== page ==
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New Brunswick Court of Appeal

Gender bias in severance settlements, says UVIC professor Dr. Ken Thornicroft

Ken Thornicroft is a well known labour and employment law academic and adjudicator in BC.

He is currently a professor at the University of Victoria, Gustavson School of Business and a member of the BC Employment Standards Tribunal.

Recently he has been studying the issue of gender bias in negotiated  and wrongful dismissal severance awards, and presented a paper that touched on this topic at the CLEBC Employment Law Conference in 2011. That paper can be found here: "Appellate Review of "Reasonable Notice" Awards in Canada: 2000-2010".

On June 4, 2012, UVIC issued this news release concerning his research:

Gender Bias In Severance Settlements  read more »

Supreme Court of Canada to hear union's appeal of case concerning random alcohol testing in workplace

Jurisdiction: - New Brunswick
Sector: - Forestry

In a decision issued on March 20, 2012, the Supreme Court of Canada announced that it would hear the appeal of a case involving an employer's right to conduct random alcohol testing in the workplace

Some key facts concerning the case:  read more »

NBCA upholds dismissal for cause where supervisor repeatedly viewed pornography on work computer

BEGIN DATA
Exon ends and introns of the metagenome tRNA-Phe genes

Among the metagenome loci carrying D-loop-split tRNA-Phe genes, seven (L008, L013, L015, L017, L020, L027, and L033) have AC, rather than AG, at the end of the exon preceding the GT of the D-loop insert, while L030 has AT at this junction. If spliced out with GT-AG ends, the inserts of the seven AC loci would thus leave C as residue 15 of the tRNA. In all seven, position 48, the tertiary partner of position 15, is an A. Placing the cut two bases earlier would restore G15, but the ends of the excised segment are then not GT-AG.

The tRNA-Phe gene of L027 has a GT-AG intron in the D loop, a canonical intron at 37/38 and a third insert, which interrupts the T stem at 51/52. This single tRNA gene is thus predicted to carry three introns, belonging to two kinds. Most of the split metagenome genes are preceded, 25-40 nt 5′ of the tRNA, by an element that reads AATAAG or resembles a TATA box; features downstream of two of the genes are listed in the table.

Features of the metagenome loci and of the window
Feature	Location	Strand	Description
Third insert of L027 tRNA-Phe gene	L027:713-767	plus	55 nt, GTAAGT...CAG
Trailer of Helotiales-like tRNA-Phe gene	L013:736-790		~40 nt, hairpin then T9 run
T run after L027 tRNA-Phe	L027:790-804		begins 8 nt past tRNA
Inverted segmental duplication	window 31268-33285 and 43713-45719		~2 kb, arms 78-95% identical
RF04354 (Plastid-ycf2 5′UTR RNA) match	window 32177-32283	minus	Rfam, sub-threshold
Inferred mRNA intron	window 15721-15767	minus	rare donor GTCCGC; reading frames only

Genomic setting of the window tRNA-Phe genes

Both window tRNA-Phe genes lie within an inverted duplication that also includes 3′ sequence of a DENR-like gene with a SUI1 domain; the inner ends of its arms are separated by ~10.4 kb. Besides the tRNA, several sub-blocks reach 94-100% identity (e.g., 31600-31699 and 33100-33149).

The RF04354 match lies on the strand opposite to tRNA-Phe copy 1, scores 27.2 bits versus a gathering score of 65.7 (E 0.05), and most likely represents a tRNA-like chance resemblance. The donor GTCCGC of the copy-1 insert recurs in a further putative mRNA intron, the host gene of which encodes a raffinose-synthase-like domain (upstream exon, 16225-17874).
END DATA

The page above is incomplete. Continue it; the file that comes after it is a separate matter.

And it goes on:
Jurisdiction: - New Brunswick
Sector: - Manufacturing

In Backman v. Maritime Paper Products Limited, a body corporate, 2009 NBCA 6, the New Brunswick Court of Appeal upheld the dismissal for just cause of a supervisory employee who repeatedly viewed internet pornography on his work computer. In doing so, the court reveiwed the law relating to the doctrine of condonation.

Background

At the time of his dismissal, the supervisory employee had 14 years of service and was earning a salary of $53,000 per year.

The employer had implemented an "Acceptable Use Policy" in 2002 relating to email and internet use. It prohibited the viewing of unprofessional, harassing, offensive or obscene material on company equipment. 

The employee had received written warnings in 2002 and 2003 for accessing pornographic websites. The second warning stated in clear language that any further incidents "will result in the immediate termination of your employment".  read more »